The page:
The NLRA conversely sought to reframe the climate of class war with liberal notions of formal equality. Rather than recognition of unions only having power through their collective action, the NLRA created a legal fiction that the objective of all parties was “industrial peace.” This industrial peace was achieved by a quid pro quo formally adopted by the Court in Textile Workers Union v. Lincoln Mills in 1957: the mere existence of a collective bargaining agreement (CBA) between the union and the company was an implicit promise by the union to not strike. In exchange for this promise, the company would submit itself to arbitration for grievances as outlined in the CBA.
Like most kinds of liberal formal equality, this quid pro quo is anything but equal: while unions are strictly held to not striking, the company can exercise bargaining power to construct arbitration proceedings that benefit them over the workers. Along with the Taft-Harley Act, this was the liberal defusing of the working class power organized in the early 20th century, attempting to replace it with an equilibrium that could not be sustained. Had the economic circumstances not been as favorable for the United States, due in large part to bombing the competition into rubble in World War II, it would have fallen apart even more quickly. Companies could afford to keep wages steady in the name of “industrial peace.” But in capitalism the tendency of the rate of profit is to fall – and once it began to seriously fall in the late 1960’s, the companies began to look for ways to keep it from falling, and thus ushered in the neoliberal era.
The neoliberal era required a 180-degree turn: the “industrial peace” needed to be broken in order to crush the unions and thus the wages. So like some sort of youtube conspiracy theory, the liberals created a false flag operation, blaming the economic woes on greedy unions breaking the no-strike provisions of their CBAs. The actual stories behind this messaging are not very convincing. One such story was the strike at Boys Market which Justice Brennan used to issue his landmark Boys Market, Inc. v. Retail Clerks Union decision in 1970. From the description by Justice Brennan it sounds like a clear example of unions bucking the very process they agreed to, like toddlers having a temper-tantrum. The store had brought in non-union employees to stock a fridge, the union complained, and then went on strike. The employer went to court petitioning for an injunction against the strike, citing that they would suffer an irreparable harm if they had to wait until arbitration was over for the strike to end.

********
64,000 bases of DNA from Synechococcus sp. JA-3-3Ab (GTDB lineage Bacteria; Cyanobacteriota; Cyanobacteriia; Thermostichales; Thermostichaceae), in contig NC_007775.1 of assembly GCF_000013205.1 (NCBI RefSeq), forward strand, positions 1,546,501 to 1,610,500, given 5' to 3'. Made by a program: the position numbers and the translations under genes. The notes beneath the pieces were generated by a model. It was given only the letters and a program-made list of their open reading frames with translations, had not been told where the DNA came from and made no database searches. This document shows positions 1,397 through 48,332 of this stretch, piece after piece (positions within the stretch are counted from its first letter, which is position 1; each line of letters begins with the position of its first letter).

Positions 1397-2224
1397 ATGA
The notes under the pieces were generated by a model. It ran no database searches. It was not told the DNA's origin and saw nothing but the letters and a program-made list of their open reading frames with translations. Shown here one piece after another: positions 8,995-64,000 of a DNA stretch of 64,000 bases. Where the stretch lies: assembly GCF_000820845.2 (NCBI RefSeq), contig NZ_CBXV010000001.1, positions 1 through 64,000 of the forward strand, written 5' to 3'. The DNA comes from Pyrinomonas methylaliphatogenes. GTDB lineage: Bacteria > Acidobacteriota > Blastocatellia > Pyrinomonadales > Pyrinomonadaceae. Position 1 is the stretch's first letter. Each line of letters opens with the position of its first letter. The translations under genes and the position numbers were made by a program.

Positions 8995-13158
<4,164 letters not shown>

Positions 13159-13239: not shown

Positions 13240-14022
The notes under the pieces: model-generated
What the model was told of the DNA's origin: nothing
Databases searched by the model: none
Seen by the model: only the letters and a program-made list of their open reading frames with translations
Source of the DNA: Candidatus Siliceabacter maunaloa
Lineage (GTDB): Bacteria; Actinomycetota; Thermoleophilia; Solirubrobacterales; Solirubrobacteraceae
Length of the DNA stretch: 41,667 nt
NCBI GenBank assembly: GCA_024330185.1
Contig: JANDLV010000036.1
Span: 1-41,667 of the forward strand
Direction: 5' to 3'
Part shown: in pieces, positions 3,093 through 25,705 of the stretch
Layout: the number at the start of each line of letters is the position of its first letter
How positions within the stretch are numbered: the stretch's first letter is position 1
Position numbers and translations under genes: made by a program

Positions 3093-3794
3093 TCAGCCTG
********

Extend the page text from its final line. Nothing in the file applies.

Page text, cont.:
But the union’s lawyer, Kenneth M. Schwartz, pointed out the hypocrisy of focusing on the union breaking the CBA’s no-strike provision during oral arguments. It was the employer that had violated the terms of the agreement first. The union did not go to court upon that violation to order an injunction despite the fact that it would cause irreparable harm to the workers displaced. When Justice White suggested that backpay would be sufficient, Attorney Schwartz strongly dissented:
No! Not a bit, not anymore so than it would be in regard to the strike situation for the employer for the simple reason, you say he risk covers damages when he recovers back pay. That period of time that that individual has to feed his family, he has to wait until the arbitrator’s award comes out…Most of our people today are — have credit up to their ears and when they go ahead and don’t get pay while they’ve got problems. Now, what irreparable injury he may have, I don’t know he may lose his house. He may not make his car payments and lose his car.